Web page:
Gordon’s parenting style mirrored that of his own father: calm, practical, and not prone to harsh disciplinary measures. Neither parent pressured the children into righteous behavior. When Richard underwent typical questioning and doubts as a teenager, his father’s example made the greatest impression. “Dad was like an anchor,” he said. “In my heart I knew he knew the gospel was true. … God was real and personal to him.”11
Gordon Hinckley’s job required that he consult regularly with the Brethren. When President McKay asked him to come to his office during the general conference weekend in April 1958, Gordon assumed that the President needed him for something work related. Instead, President McKay asked him to serve as a General Authority. Feeling surprised and overwhelmed, Gordon Bitner Hinckley was sustained as an Assistant to the Quorum of the Twelve on April 6, 1958.
In 1960 General Authorities were assigned responsibility for large areas of the world, and one of the most difficult assignments went to Elder Hinckley: Asia. The area was huge, and complex and varied languages challenged the missionaries. Political unrest complicated matters. Elder Hinckley labored throughout the vast continent to develop local leadership, encourage missionaries, and find property for chapels in real estate markets with exorbitant prices. The Asian people, in turn, grew to love him for his willingness to walk the streets, ride public transport, and eat native food. One Japanese Church leader said that Elder Hinckley talked and listened as though he were Asian himself.12
Elder Hinckley continued to labor in Asia even after the momentous Saturday, September 30, 1961, when he was sustained as a member of the Quorum of the Twelve Apostles. “It was a sobering thing,” President Hinckley said. “Such a call brings with it a tremendous sense of responsibility and duty to bear witness of the Lord.”13 Members worldwide soon discovered for themselves the spiritual, humorous, and insightful speaking approach that marked Elder Hinckley’s tenure. His stirring messages transcended cultures and borders by combining strength, tenderness, and self-deprecation in a way that moved dignitaries and common folk alike.
As a member of the Twelve, Elder Hinckley oversaw the work in South America and then Europe. Administering and speaking often took up less of his time than did offering compassionate service and humanitarian aid. In 1970, for example, Elder Hinckley’s plane had just departed from Lima, Peru, when a devastating earthquake struck the country. Upon hearing the news in Chile, he dropped his scheduled meetings and returned to Peru, where he and the mission president located missionaries and members, coordinated relief efforts, and traveled to devastated villages to offer comfort.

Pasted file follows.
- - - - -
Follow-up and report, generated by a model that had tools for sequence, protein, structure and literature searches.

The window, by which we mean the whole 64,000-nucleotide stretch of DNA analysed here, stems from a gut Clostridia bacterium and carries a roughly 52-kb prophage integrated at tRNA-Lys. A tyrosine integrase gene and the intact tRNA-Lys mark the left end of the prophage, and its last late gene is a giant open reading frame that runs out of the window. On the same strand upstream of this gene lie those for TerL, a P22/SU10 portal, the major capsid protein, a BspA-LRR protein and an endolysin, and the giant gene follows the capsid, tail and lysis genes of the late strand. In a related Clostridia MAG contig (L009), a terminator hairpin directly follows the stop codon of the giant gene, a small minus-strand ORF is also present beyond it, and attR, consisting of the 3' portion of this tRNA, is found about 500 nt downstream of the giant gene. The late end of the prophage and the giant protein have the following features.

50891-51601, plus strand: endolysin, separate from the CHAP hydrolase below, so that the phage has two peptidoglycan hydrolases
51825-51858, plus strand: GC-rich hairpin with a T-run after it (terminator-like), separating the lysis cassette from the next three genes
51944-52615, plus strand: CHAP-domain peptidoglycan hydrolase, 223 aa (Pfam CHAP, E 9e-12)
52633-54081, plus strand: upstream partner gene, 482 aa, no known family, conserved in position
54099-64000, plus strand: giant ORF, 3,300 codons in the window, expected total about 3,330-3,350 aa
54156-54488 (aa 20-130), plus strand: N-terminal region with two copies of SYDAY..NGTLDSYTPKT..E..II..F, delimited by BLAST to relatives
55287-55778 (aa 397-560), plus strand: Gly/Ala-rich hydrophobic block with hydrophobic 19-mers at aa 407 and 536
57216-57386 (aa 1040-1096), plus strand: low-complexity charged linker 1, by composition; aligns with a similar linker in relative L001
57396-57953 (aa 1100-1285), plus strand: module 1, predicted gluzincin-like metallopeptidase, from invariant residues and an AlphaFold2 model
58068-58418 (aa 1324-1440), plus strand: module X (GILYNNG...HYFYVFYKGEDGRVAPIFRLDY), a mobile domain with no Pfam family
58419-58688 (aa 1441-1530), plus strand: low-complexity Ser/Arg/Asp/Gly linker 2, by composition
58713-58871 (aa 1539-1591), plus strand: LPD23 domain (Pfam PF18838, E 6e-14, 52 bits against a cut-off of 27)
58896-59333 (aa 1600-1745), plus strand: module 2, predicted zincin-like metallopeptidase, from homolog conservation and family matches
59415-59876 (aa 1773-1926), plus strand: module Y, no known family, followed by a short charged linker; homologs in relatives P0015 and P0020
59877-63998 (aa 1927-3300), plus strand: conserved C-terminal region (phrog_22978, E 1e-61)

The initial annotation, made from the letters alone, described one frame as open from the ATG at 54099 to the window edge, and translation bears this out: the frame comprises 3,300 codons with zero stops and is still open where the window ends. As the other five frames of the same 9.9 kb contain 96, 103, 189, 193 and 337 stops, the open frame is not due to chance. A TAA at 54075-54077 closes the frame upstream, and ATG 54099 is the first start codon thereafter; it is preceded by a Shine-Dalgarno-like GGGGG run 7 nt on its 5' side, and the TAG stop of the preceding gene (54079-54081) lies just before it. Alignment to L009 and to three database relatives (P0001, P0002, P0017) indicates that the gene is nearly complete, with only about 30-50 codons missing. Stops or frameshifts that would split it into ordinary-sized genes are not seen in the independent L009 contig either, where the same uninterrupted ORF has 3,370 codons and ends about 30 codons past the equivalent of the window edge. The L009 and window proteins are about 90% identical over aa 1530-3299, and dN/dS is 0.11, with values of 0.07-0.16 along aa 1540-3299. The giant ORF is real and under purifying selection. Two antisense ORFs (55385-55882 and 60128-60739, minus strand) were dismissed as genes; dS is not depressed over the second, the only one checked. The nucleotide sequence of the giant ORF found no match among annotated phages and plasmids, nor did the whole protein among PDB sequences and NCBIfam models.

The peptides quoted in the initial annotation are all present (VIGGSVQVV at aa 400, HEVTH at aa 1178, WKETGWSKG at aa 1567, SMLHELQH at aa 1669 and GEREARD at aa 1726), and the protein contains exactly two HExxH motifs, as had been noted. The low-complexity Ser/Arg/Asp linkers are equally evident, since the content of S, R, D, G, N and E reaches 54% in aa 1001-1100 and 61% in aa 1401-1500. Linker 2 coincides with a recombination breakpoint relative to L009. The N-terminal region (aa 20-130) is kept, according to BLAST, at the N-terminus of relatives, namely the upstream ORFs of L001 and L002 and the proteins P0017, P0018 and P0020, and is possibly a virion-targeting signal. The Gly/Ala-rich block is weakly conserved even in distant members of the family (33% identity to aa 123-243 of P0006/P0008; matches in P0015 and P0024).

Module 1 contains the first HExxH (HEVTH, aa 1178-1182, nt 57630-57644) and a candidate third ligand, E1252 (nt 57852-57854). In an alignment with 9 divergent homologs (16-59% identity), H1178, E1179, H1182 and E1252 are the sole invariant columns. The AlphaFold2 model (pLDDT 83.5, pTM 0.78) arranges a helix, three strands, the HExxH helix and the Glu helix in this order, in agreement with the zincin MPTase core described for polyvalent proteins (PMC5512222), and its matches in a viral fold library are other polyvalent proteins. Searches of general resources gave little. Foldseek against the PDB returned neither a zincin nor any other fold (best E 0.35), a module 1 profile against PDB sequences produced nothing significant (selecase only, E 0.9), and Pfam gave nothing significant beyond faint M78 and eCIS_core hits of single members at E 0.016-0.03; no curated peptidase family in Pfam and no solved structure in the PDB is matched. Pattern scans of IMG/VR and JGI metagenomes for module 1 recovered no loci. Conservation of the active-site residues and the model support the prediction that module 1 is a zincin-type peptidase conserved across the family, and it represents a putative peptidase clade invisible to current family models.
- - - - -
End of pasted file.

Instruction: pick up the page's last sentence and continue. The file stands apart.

As a General Authority, Elder Hinckley served on numerous committees, including General Priesthood, Church Correlation, and Budget and Appropriations. But some of his greatest contributions came, predictably, in public communications with the press and the world at large. He continued developing Church materials for the media and constantly looked for better ways to use technology in communicating with Latter-day Saints around the world. When controversial issues arose, Elder Hinckley was called upon to articulate Church positions to the media. “Brother Hinckley … rather enjoyed difficult assignments and was not shy when it came to dealing with foes of the Church,”14 explained President Thomas S. Monson.
Elder Hinckley served as a member of the Quorum of the Twelve Apostles under four Presidents: David O. McKay, Joseph Fielding Smith, Harold B. Lee, and Spencer W. Kimball. On July 23, 1981, he was set apart as a third counselor to an ailing President Kimball, whose counselors, Marion G. Romney and N. Eldon Tanner, also experienced ill health. Gordon B. Hinckley never again left the First Presidency. He served as a counselor to Spencer W. Kimball, to Ezra Taft Benson, and then to Howard W. Hunter. He shouldered multiple responsibilities when the health of those Presidents declined, carrying on with the work of the Church under the direction of his leader.
He later wrote: “It was an almost terrifying load at times. … I recall on one particular occasion getting on my knees before the Lord and asking for help in the midst of [a] very difficult situation. And there came into my mind those reassuring words, ‘Be still and know that I am God’ (D&C 101:16).”15
While he served as a counselor, significant events and changes occurred in the Church. These included the 1989 implementation of general tithes and offerings to sustain local units of the Church and the 1991 equalization of missionary contributions. In addition, he personally selected sites, oversaw designs, and dedicated 20 temples during the 1980s.